So, here I was, faced with the news that I had developed food allergies and autoimmunity, and that I just had to live with these facts and get prepared for a slow ride into the darkness of ever-worsening disease. Refusing to accept this descent, I dug in and researched. I was suddenly fascinated with the question: How does my body really work?
All my life I had taken for granted that my body worked well – I had never questioned how. But, now that it seemed to be breaking down, I had to know. I believe life is to be enjoyed and savored. I now realized that to continue this way of living, I better get in touch with the mechanics of this body, because it truly is our vehicle, our vantage point.
One game changing piece of information I discovered is: we don’t actually have one brain, we have two, and if that second brain is unwell, expect chaos.
The second brain is located in the gut, and communicates with the first brain (the one in the head) by a long nerve, called the Vagus Nerve.The Vagus Nerve begins in the brain stem, and wanders throughout the ‘viscera’, or the internal organs, specifically the organs of the chest, abdomen and pelvis. This is where the term ‘visceral reaction’ comes from – referring to a feeling deep in the gut.
What exactly is the gut? The GI (gastrointestinal) Tract is a hollow tube that runs through the body, from the mouth, through the esophagus, stomach, small intestine, large intestine or colon, and out through the rectum. This is the part of our inner body that is exposed to the outside world, by the things we ingest through our mouths. The Vagus Nerve is constantly using its sensors to see what’s going on in the gut, and sending messages back to the main brain about the state of affairs.
Interesting!! The term ‘gut reaction’ has a scientific basis. Does this have any connection to autoimmunity and allergies? Oh, yeah. I had stumbled across gold with this knowledge. Let me explain.
There is a section of the GI tract that has a whole lot to do with autoimmunity and that is the small intestine. The small intestine is a tubular structure that winds back and forth, so although it is called ‘small’ it is actually quite long. This very important organ has a wall that is not very thick, and that can be delicate. Large particles are not meant to escape this wall, they are meant to be broken down into tiny molecules that our body can use as energy. Anything we can’t use, is supposed to pass into the colon from here, and be expelled.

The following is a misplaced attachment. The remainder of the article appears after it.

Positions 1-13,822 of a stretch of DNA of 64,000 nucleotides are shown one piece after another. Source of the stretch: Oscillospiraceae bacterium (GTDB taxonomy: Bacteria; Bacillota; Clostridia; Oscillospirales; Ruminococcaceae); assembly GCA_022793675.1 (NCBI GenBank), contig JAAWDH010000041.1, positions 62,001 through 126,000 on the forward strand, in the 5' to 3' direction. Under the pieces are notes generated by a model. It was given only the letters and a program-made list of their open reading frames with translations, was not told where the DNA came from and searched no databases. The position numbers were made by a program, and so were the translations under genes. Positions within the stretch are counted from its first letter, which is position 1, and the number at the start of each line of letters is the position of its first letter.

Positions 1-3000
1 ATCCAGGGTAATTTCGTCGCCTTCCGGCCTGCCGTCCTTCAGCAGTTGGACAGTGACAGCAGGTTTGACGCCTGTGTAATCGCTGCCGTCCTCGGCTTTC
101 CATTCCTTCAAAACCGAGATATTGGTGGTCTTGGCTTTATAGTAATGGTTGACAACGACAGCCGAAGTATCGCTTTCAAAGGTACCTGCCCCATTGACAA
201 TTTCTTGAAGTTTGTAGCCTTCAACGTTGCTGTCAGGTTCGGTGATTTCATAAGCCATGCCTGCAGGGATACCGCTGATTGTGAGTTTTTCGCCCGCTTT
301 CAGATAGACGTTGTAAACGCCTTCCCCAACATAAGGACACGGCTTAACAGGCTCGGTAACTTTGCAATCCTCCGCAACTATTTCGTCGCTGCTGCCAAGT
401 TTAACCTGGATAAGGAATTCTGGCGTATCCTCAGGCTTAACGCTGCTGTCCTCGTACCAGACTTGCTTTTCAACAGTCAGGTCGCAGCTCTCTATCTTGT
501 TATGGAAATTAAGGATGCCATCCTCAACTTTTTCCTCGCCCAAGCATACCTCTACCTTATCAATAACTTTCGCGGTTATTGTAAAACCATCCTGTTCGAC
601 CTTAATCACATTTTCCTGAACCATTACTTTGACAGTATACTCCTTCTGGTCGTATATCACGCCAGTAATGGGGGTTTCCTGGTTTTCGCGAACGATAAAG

The problem arises when the wall of our small intestine becomes compromised, because when this happens, large molecules – usually protein chains – escape the intestinal wall and are released into our bloodstream. Now our second brain is shouting out, ‘Call in the troops!’ The troops – the immune system – rev up to annihilate these intruders. When this continues to happen over time, the immune system becomes overactive. In a later post I will go into more detail about how this eventually develops into autoimmunity and food allergies.
In this post, I am shining the spotlight on an unwanted visitor in the GI tract, one that I picture like an evil octopus – actually, a team of evil octopi – that once introduced, will hold onto the inside of your gut, happy to have found such an awesome home. This evil octopi team is called yeast – once it’s out of control, the term is candida. And quite simply, the culprit is SUGAR. Sugar will destroy the intestinal wall and cause great havoc. That’s right, yeast will destroy the intestinal wall, making it permeable so that large molecules go where they are not supposed to go. Talk about a bad gut feeling.
In my year to heal, the first thing I did in January, was to totally eliminate processed sugar in any form from my diet. Was this hard? At first, yes. And let me tell you, candida is a real bugger to defeat. It took me 9 months to finally kill this invader, and only when I was victorious in this battle, did my hives finally stop.
Step one in your year to heal: Take your sugar bowl, tell it thank you for the good times, and throw out the window. And don’t look back.